Curing and smoking are age-old practices of food preservation. Whether living off the grid or mastering this new technique for fun, learning how to cure and smoke meat will result in some seriously tasty meals.
Curing Your Meat
Simply put, curing means to preserve meat in salt. The salt removes moisture from your cut, inhibiting the growth of bacteria and other pathogens. It also keeps the meat from rotting. For a more enhanced flavor, you can even add sugar, herbs and spices to the mix.
You can rub the mixture of salt and other ingredients on the meat--dry curing--or brine your meat in a salt solution--wet curing.
Smoking Your Meat
You can smoke your meat in a digital electric smoker, charcoal grill or gas grill. Once your smoking method is determined, you can choose the wood that will offer the best flavors to complement your meat:
- Mesquite — Bold, producing a full smoky aroma. Best used only for beef brisket.
- Hickory or oak — Less assertive than mesquite, offering moderate flavors that pair well with a wide range of meats.
- Alder, apple, cherry or pecan — Delicate flavor additions that offer a subtle complement to complex seasonings.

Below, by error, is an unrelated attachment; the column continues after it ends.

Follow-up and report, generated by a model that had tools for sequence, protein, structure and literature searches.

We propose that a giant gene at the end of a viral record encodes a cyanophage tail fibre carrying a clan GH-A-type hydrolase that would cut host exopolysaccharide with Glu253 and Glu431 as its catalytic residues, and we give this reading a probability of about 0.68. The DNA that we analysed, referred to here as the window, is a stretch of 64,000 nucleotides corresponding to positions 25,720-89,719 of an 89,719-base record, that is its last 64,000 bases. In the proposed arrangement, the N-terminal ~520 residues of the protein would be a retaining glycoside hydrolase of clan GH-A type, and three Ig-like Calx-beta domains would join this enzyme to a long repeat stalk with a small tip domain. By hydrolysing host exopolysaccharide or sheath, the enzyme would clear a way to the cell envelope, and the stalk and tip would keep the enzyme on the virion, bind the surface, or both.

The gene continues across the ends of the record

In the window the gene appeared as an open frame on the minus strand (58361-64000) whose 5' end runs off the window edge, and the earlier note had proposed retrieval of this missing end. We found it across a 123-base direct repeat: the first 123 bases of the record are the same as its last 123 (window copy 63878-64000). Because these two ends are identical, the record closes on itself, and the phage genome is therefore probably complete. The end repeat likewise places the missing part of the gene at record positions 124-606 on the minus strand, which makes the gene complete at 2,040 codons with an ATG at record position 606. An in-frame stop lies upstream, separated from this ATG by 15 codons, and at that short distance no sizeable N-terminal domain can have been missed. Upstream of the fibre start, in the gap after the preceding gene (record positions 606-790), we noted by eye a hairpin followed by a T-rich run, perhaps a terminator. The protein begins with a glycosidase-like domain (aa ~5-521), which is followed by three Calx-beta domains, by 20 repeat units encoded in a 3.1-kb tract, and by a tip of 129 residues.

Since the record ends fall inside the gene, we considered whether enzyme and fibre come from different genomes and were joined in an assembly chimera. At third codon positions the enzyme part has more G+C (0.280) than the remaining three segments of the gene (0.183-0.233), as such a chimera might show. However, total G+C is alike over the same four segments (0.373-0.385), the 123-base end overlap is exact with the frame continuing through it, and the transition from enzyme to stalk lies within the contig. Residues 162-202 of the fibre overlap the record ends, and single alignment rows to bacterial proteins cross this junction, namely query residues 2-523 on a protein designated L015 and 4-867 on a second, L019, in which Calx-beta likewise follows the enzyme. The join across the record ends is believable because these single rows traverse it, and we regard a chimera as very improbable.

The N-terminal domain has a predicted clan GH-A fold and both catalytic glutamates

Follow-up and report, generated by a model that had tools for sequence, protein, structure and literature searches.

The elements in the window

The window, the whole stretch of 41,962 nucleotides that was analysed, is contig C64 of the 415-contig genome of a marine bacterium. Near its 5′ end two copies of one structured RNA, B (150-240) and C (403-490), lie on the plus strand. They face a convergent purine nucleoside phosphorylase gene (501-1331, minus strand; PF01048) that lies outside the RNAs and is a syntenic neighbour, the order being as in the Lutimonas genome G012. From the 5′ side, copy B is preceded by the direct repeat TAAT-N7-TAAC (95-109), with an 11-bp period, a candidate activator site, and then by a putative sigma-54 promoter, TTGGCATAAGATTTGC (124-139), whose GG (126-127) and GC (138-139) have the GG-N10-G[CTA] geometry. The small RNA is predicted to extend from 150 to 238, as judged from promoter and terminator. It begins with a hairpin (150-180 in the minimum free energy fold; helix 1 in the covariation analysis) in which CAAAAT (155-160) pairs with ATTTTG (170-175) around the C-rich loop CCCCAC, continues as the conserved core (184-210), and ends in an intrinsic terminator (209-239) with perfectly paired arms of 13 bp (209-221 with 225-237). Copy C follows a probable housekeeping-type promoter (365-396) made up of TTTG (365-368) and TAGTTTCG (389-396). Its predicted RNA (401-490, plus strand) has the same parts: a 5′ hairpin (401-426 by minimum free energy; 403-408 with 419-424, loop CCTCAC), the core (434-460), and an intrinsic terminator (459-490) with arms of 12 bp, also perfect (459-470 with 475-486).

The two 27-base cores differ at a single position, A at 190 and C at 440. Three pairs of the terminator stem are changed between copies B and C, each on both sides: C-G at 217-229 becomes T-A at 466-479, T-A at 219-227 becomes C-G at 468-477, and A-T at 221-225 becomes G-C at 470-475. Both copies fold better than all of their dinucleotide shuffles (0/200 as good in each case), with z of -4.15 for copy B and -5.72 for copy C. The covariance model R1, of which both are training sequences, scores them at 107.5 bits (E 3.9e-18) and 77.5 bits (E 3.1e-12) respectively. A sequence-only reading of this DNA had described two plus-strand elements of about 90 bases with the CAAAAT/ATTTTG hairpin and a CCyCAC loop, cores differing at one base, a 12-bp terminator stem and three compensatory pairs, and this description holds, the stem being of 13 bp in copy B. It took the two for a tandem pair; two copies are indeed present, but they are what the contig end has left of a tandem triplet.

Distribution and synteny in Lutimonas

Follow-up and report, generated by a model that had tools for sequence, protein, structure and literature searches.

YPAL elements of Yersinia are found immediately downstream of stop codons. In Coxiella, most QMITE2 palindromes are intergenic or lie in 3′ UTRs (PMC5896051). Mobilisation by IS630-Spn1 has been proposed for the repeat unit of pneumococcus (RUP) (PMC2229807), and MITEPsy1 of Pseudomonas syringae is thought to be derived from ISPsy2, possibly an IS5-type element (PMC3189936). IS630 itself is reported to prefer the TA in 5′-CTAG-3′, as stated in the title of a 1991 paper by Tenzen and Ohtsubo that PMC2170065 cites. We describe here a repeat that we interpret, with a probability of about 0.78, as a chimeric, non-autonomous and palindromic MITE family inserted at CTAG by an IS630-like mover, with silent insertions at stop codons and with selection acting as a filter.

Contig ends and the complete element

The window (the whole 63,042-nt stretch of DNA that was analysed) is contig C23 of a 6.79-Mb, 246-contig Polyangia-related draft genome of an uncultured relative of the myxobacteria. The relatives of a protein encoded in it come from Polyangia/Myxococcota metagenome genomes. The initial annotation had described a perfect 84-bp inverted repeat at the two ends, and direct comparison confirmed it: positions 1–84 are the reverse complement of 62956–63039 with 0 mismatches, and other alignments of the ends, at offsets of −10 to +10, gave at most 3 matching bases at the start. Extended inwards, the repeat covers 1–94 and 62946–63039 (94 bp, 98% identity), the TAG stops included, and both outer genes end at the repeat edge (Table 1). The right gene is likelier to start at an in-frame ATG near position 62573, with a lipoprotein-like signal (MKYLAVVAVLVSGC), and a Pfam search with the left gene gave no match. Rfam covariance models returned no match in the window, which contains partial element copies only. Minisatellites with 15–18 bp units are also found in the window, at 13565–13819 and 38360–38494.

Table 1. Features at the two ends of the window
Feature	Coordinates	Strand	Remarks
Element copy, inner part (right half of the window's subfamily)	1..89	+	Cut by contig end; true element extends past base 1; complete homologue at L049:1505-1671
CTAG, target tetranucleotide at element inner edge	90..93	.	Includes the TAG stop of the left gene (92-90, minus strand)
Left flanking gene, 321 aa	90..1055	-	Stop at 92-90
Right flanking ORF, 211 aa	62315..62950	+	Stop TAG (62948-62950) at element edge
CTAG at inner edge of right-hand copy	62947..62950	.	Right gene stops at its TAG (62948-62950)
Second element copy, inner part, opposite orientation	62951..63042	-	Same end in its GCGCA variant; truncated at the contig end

You can also use fruit peels, herbs and cinnamon sticks to add additional flavors to your smoked meats.
Guide to Temperatures for Smoked Meats
According to the USDA, meats should reach the following internal temperatures in order to be considered safe for consumption.
|Type of Meat||Internal Temperature|
|Veal, Beef, Lamb, Pork|
|Fresh Beef, Veal, Lamb:
|Poultry breasts, roast||170°F|
|Poultry thighs, wings||180°F|
Pre-cooked (to reheat)
|Fin Fish||Cook until opaque and flakes easily.|
|Shrimp, Lobster, Crab||Exterior should turn red, meat should turn an opaque pearl color.|
|Scallops||Cook until milky white to opaque, should be firm.|
|Clams, Mussels, Oysters||Cook until shell opens.|
As a quick note, before you begin curing and smoking your meat, make sure that it’s been thoroughly washed and refrigerated at the right temperature to prevent illness.